Students returning to campus for the fall semester are expected to follow safety measures outlined in an email sent to students on July 31.
President Julian Schuster and The Task Force on Transition and Adaptability sent an email to students on July 31. The email discussed the safety precautions Webster University will take to limit the spread of COVID-19.
“Our employees have pledged to follow these to keep our community safe,” the email read, “and we will ask students to likewise pledge to follow this guidance in order to maintain a safe environment on campus.”
But not all students are ready to return to campus.
Katelyn Mitchell went from the University of Missouri St. Louis to online classes at Southern New Hampshire University before transferring to Webster in May. While Mitchell said she looked forward to returning to an in-person environment, she is worried Webster will not be able to enforce the safety measures.
“I think that it might be hard for certain people of certain opinions to get on board with wearing a mask, and you never know how good someone’s hygiene is,” Mitchell said. “There is so much we can’t control right now, and I would rather not risk my health and the health of those that I love.”
Besides worrying about enforcement, Mitchell also pointed to the rising number of COVID-19 cases in Missouri. According to the Missouri Department of Health and Senior Services, St. Louis County has identified 12,606 cases of COVID-19 by July 31. Mitchell worried a return to in-person learning could put students – especially those with preexisting conditions – at risk.
According to the email sent to students, Webster’s staff has created safety measures with the help of public health officials. The Task Force has also looked at recommendations from the Centers for Disease Control.
“Safety continues to be our number one priority, and we will continually adapt as we learn more about ways to mitigate the spread of COVID 19,” the email read.
Webster will implement measures such as mask requirements, daily health screenings, disinfection routines, social distancing and procedures for students to follow if they test positive for – or are exposed to – COVID-19. The university will also restrict access to buildings and reduce the number of people allowed in dining areas at the Webster Groves campus.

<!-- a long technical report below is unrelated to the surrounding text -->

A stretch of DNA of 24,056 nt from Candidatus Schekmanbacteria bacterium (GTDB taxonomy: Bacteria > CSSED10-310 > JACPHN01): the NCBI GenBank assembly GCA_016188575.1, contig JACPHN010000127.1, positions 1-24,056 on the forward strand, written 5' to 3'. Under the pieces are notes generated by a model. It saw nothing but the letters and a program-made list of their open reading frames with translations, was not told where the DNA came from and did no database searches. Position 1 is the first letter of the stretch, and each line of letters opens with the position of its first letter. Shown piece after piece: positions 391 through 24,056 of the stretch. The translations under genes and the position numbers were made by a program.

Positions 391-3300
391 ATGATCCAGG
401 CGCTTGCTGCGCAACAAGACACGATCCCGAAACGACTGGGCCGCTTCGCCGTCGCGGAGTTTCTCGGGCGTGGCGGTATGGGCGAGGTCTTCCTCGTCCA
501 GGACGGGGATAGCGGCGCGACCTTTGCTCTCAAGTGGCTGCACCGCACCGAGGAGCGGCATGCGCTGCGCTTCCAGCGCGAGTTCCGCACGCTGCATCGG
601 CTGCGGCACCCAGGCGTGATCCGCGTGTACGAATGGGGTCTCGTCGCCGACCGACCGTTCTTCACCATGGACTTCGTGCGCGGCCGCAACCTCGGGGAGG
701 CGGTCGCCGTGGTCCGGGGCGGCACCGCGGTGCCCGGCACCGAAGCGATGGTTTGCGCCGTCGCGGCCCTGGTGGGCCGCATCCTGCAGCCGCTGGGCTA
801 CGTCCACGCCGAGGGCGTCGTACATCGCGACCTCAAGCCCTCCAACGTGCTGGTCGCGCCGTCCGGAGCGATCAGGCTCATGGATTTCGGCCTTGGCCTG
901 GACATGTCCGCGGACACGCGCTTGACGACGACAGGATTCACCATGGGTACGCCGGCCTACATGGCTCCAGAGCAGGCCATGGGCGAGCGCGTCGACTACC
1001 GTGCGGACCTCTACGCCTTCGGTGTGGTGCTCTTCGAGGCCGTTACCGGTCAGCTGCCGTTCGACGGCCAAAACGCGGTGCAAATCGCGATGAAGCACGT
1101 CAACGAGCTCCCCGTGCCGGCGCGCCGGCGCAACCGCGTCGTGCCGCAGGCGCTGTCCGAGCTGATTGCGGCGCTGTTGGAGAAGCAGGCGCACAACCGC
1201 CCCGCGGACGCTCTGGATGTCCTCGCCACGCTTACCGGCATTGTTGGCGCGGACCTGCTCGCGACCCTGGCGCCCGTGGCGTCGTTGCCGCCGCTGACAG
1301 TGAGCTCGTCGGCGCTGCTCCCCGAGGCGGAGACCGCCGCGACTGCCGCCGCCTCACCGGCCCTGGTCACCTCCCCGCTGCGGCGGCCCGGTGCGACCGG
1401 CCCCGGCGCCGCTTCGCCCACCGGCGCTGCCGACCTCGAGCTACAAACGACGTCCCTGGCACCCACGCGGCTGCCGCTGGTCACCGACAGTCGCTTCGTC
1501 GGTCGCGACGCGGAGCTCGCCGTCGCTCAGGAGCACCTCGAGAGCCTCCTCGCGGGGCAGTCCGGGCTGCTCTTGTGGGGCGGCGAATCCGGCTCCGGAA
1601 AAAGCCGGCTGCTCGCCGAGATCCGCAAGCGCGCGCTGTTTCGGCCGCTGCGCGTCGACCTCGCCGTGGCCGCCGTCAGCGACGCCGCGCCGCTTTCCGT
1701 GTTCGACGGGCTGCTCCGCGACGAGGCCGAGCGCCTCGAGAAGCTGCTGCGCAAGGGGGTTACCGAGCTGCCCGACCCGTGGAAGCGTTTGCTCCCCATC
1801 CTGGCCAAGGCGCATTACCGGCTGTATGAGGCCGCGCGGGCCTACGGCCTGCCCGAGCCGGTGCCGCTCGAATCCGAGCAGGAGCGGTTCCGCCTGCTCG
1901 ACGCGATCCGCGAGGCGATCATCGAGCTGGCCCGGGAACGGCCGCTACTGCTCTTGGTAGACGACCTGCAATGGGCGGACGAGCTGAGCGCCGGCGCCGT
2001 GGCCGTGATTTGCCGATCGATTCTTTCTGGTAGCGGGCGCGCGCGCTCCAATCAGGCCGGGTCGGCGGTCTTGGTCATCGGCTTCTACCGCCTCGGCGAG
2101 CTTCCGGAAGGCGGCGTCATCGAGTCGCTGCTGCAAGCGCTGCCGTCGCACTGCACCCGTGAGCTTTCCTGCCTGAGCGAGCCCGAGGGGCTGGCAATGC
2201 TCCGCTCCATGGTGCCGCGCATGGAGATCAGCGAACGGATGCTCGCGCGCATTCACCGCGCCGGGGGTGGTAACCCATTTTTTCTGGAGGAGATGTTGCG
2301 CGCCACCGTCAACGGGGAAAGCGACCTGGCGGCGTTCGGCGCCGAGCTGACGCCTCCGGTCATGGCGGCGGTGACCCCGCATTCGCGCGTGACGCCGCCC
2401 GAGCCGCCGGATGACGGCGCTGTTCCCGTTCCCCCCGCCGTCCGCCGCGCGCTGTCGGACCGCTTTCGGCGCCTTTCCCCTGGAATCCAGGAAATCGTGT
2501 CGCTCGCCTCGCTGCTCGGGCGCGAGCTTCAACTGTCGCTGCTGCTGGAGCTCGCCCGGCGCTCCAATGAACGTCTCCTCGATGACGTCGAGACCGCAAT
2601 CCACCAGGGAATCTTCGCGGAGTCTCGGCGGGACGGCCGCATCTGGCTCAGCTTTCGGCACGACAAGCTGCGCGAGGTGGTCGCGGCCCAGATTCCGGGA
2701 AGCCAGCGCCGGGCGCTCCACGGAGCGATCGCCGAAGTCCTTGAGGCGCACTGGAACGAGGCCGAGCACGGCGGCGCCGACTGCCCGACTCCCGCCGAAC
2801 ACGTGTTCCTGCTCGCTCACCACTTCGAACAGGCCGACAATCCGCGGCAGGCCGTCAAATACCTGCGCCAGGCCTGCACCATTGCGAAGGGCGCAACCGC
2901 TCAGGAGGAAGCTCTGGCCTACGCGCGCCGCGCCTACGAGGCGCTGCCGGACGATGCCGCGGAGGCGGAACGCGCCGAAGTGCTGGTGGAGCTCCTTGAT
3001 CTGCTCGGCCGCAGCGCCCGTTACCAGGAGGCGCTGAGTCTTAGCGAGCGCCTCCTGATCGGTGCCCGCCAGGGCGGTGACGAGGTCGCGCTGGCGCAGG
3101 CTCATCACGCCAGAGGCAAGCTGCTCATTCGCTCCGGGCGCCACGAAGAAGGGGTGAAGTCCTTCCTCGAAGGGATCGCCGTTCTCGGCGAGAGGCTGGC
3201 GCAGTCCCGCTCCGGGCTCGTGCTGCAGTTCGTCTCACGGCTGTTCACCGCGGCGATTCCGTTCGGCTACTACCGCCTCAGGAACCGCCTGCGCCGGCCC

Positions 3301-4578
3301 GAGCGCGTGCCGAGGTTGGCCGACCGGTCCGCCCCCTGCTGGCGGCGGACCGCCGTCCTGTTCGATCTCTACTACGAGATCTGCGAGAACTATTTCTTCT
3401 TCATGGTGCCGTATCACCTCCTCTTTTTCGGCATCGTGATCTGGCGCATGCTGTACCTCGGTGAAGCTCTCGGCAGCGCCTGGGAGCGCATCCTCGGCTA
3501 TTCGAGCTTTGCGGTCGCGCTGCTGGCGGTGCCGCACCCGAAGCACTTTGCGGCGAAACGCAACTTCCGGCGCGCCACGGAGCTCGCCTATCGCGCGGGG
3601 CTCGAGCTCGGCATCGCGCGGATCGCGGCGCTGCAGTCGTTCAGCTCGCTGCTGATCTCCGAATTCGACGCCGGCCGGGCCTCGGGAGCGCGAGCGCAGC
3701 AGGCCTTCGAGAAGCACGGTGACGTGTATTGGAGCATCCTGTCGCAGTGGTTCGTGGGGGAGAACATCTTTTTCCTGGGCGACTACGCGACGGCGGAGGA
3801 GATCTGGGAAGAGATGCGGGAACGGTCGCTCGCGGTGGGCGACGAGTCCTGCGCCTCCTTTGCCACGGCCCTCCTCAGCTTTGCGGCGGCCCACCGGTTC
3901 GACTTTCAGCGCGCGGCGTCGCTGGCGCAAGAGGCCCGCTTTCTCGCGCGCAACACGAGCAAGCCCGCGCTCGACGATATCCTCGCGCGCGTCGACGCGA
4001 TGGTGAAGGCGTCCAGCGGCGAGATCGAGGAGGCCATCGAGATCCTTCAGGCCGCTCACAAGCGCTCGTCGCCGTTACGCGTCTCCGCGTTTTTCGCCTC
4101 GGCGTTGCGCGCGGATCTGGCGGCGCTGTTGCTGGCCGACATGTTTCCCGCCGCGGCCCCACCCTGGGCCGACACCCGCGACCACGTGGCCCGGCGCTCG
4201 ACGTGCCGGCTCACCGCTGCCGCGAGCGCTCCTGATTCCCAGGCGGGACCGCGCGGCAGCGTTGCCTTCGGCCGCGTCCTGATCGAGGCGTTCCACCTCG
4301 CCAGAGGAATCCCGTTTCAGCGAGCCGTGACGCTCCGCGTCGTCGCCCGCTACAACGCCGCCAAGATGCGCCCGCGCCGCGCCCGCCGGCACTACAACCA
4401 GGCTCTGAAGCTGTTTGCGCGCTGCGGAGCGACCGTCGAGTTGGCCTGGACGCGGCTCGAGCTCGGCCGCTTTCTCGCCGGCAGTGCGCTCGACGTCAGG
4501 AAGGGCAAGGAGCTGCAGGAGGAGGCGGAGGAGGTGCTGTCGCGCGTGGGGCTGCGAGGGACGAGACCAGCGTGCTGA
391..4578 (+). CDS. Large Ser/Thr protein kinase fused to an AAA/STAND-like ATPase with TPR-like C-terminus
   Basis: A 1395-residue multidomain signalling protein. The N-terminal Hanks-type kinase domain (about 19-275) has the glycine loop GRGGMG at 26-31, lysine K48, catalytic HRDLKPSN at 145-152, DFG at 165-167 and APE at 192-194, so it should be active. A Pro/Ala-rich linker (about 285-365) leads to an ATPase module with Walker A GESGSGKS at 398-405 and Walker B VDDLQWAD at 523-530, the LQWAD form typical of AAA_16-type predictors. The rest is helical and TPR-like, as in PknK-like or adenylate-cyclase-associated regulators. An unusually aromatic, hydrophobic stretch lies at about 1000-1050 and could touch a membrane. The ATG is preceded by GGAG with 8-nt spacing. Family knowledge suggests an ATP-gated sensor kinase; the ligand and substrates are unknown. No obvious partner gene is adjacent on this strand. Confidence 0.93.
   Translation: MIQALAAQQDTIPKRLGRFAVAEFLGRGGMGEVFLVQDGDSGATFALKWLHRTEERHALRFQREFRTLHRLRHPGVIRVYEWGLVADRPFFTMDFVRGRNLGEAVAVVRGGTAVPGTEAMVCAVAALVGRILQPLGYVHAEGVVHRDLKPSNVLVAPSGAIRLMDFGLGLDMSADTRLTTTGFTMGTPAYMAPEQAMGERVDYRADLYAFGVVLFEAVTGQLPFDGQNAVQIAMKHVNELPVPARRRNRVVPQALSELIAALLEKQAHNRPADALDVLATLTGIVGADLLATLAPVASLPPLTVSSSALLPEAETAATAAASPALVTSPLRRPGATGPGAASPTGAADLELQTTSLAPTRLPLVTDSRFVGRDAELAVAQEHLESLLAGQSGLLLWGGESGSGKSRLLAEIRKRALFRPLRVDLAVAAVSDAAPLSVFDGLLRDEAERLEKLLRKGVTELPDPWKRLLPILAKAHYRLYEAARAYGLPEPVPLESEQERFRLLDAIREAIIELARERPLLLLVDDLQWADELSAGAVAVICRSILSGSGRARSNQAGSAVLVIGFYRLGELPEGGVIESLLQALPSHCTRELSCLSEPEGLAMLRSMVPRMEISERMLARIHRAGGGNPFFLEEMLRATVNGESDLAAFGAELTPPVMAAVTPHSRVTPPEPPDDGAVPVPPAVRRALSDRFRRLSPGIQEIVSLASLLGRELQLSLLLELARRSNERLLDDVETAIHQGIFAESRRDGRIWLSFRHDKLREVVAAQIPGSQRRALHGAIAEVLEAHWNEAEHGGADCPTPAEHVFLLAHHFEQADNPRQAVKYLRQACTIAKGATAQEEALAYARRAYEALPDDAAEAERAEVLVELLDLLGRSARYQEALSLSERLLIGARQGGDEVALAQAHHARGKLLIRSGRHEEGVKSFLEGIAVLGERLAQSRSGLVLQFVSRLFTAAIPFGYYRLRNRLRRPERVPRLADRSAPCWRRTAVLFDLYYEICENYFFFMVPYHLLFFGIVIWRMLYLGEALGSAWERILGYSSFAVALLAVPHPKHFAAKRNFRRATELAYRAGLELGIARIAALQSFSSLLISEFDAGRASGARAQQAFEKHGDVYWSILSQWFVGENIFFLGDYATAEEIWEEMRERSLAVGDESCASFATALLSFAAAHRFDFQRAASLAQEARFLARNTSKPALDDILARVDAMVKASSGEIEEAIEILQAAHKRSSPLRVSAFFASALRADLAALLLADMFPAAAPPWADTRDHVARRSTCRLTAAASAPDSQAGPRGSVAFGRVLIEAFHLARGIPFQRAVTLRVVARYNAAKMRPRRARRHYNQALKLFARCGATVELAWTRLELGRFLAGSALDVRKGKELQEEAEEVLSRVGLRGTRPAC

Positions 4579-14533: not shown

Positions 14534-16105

With safety in mind, Mitchell said she hopes Webster will offer an online option for every class. She felt giving students the choice of in-person or online-only courses would be a good option for everyone. Mitchell said the option would allow students who needed in-person assistance to receive the education they need. Mitchell also said offering both options would enable some students to stay home and limit their exposure.
“Not every student has, you know, the ability to be out in public without having to worry about someone getting them sick,” Mitchell said. “There’s a lot of different factors that could go into that, and I don’t think there is going to be any way that students can focus on their schoolwork if they have to worry about making sure that no one is going to get them sick.”
According to the email, undergraduate courses are currently being evaluated to determine ways to offer each class. The university staff expects to reach a decision and update the schedule by mid-August. Graduate students can learn more about how their courses will be offered at http://news.webster.edu/academics/2020/graduate-program-changes-fall-pandemic.html.
Mitchell plans on contacting her advisor to ensure all of her classes are online. When she transferred to Webster, Mitchell hoped COVID-19 cases would “calm down” by August.
“It’s definitely a letdown,” Mitchell said, “but I think that the health and safety of others is a little more important than me feeling sad about it.”
On August 10, Student Affairs plans to host a question and answer session for returning students. An online orientation called “Gorlok and Chill” will also be offered throughout August for incoming students.
“In summary, it will be the responsibility of all of us in the Webster community to help each other maintain a healthy environment on campus,” the email read.
Students can find out more about Webster’s safety measures at http://news.webster.edu/academics/2020/safety-measures-rexpectations-returning-to-campus.html?fbclid=IwAR1B7PKeaaTIoWjEbha3FZExpTPrJSRy7AMqxLR213RaS_W3fSHCFSO3Vv0.
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Cas Waigand (she/her) was the editor-in-chief for the Journal (Spring 2021). She majored in journalism with a minor in photography. Cas also covered COVID-19 and the 2020 general election. She enjoys writing, watching Netflix, crocheting, and taking photos.